In Good Company: Trislyn Tom ’00 Ferris 

A Generous Serving of Life Skills

Trislyn Tom ’00 Ferris was raised in a family of great cooks, so food was a defining part of her life. While attending Santa Clara University, the finance major realized her deep passion for food. She remembers how much joy she got from cooking dishes like shoyu chicken and stir fry for the other Hawai‘i students. After a career in commercial real estate, Ferris went back to school and received her AS in Culinary Arts. She taught at Waipahu High School before coming to Punahou in 2018 as a Culinary Arts teacher for grades 6 and 8. In her 90-minute classes, students learn to make foods ranging from simple biscuits to pasta alfredo. When she’s not in the classroom, whipping up exciting cooking experiences, Ferris loves exploring new places and activities with her husband and their two children: wakesurfing, skiing and snowboarding, and driving an RV across Washington and Oregon. 

What is Culinary Arts and what are your main goals through this course?

Culinary Arts for me is about engaging kids around food. I want them to feel empowered to be able to make their food on their own and to be independent in the kitchen. So I teach them knife skills along with different cooking methods, like how to boil, simmer, sauté, blanch, and how to shallow fry. We go through equipment use, we go through food safety and sanitation. I want to get them confident in the kitchen and to give them a skill set for life. 

Can you explain “a skill set for life”?  

I want them to learn how to collaborate with each other. I’ll partner a student with one person they really want to be with and intentionally place them with people who are very different. In life you can’t always choose who you work with so I want them to learn to adapt when things don’t turn out. For example, if somebody added three times the amount of baking powder, suddenly, you have to start all over again. So it’s learning to adjust and adapt and then communicate positively with your peers. If you fail, we’ll just start all over again. And it means having that positive mindset that even though you make a mistake, it’s fixable.

How does cooking intersect with students’ lives? 

I love Culinary Arts in middle school because it’s a time in life where there’s a lot of stress with academics and with sports – and being in the kitchen with your peers can be a really bright spot for students. They often take home the skills they’ve learned and share what they’re making alongside their parents or grandparents. When you’re cooking at home with your family, that’s the perfect time to be talking with your loved ones. You’re working side by side, your hands are moving, and all of a sudden you’re learning so much about them that might not have come out at any other time. That food experience opens and creates a space for sharing to happen.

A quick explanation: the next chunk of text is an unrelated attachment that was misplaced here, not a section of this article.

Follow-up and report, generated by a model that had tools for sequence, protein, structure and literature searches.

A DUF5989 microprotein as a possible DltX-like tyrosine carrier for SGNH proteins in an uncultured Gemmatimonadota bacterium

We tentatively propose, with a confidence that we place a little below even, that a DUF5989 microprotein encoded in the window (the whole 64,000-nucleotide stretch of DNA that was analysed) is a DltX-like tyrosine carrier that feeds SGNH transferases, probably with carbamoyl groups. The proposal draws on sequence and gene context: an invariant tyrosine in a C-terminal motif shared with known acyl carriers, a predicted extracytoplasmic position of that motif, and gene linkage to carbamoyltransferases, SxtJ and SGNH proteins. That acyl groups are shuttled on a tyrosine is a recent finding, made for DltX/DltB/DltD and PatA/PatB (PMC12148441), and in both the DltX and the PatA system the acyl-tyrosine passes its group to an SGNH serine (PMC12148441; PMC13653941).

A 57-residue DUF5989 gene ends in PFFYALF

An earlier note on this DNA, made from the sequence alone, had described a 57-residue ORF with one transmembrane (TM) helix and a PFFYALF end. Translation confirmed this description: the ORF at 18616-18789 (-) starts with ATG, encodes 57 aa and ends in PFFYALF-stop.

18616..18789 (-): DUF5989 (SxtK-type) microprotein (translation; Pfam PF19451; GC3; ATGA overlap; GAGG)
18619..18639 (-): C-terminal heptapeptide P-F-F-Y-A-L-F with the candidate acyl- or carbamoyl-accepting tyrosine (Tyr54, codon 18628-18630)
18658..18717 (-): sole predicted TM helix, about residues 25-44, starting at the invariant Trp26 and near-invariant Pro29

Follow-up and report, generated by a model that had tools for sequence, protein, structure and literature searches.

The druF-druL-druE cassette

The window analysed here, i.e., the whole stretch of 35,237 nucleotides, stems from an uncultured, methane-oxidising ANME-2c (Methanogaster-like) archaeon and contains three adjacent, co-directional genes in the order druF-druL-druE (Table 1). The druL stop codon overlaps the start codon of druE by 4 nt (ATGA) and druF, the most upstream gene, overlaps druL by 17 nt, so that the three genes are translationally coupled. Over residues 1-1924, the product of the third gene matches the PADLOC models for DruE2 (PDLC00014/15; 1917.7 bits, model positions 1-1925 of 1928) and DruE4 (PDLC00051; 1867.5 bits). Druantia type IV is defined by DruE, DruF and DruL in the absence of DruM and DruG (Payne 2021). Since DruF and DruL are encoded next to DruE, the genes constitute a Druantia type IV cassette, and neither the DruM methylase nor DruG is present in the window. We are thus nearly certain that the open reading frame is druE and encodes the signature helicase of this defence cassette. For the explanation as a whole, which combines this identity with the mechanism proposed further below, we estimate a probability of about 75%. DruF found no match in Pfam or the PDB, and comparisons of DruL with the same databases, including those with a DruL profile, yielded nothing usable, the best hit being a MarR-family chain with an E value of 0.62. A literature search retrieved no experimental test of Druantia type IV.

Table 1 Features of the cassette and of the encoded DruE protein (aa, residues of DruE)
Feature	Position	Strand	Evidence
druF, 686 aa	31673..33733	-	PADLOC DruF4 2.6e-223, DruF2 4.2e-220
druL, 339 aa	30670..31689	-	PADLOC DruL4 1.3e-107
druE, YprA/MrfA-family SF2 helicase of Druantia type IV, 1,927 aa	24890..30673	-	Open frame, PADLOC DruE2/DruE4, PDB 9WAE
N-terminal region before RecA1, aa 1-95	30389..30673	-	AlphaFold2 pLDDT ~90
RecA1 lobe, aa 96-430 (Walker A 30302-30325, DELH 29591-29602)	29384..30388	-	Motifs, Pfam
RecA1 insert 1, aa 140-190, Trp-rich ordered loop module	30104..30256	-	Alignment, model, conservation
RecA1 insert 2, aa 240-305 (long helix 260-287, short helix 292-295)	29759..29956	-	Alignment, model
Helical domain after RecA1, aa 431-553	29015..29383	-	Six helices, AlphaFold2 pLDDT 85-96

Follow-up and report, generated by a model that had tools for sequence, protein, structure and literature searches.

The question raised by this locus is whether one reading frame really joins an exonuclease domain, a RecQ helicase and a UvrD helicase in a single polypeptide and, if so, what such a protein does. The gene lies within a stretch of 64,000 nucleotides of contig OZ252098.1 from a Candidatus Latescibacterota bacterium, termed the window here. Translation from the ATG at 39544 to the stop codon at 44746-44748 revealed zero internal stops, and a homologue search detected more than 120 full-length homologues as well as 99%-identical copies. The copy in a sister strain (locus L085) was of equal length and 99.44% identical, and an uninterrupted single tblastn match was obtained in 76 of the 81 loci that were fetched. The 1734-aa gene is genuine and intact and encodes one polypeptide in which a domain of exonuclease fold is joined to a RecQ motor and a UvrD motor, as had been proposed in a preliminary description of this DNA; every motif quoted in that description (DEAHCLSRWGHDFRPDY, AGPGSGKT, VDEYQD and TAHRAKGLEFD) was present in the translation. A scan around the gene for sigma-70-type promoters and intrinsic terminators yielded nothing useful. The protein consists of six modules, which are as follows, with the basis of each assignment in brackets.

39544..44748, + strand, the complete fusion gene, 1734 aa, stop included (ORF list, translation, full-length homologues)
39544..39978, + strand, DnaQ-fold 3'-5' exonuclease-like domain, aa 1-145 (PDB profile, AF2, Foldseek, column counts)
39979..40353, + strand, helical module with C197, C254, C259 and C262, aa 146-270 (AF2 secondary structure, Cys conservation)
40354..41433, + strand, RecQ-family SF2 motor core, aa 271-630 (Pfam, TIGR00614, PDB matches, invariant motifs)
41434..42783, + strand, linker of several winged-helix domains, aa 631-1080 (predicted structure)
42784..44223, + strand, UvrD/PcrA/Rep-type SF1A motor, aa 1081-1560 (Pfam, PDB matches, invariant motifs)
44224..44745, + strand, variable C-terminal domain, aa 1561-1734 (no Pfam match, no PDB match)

Recently, a parent stopped me to say, “I’m so happy that my son took your course because he’s now wanting to help out in the kitchen.” Or I’ll hear things like, “my daughter made scones this weekend” or “she made brownies for the family party.” I love hearing things like that. 

Do you explore the cultural contexts of food?  

Working with Mark Noguchi ’93 and Kamuela Yim, I’ve been learning how to adjust my curriculum so that it’s more place-based. For example, I have this blueberry cornmeal cake recipe that I’m trying to do with kalo. So as much as possible, we’re trying to integrate culture into some of the recipes. We also have an herb garden outside where the kids can harvest their herbs, and I’m working with faculty Eliza Leineweber ’92 Lathrop and Director of Sustainability Debbie Millikan to source more of the foods locally. 

What most excites you about teaching? 

I love giving kids new experiences. The kids will groan when I have them roast vegetables, for example. But once they go through the process of prepping, cutting, tossing the vegetables in olive oil and garlic and roasting them, when it comes out they’re so proud. And I watch them pick up that roasted carrot and eat it and, before you know it, the whole tray of veggies is gone! I love seeing how you can shift their palate so quickly through an experience. It’s particularly meaningful because they end up with a healthier, tastier product, and they have the option to eat in a more healthful way. 

– By Carlyn Tani ’69

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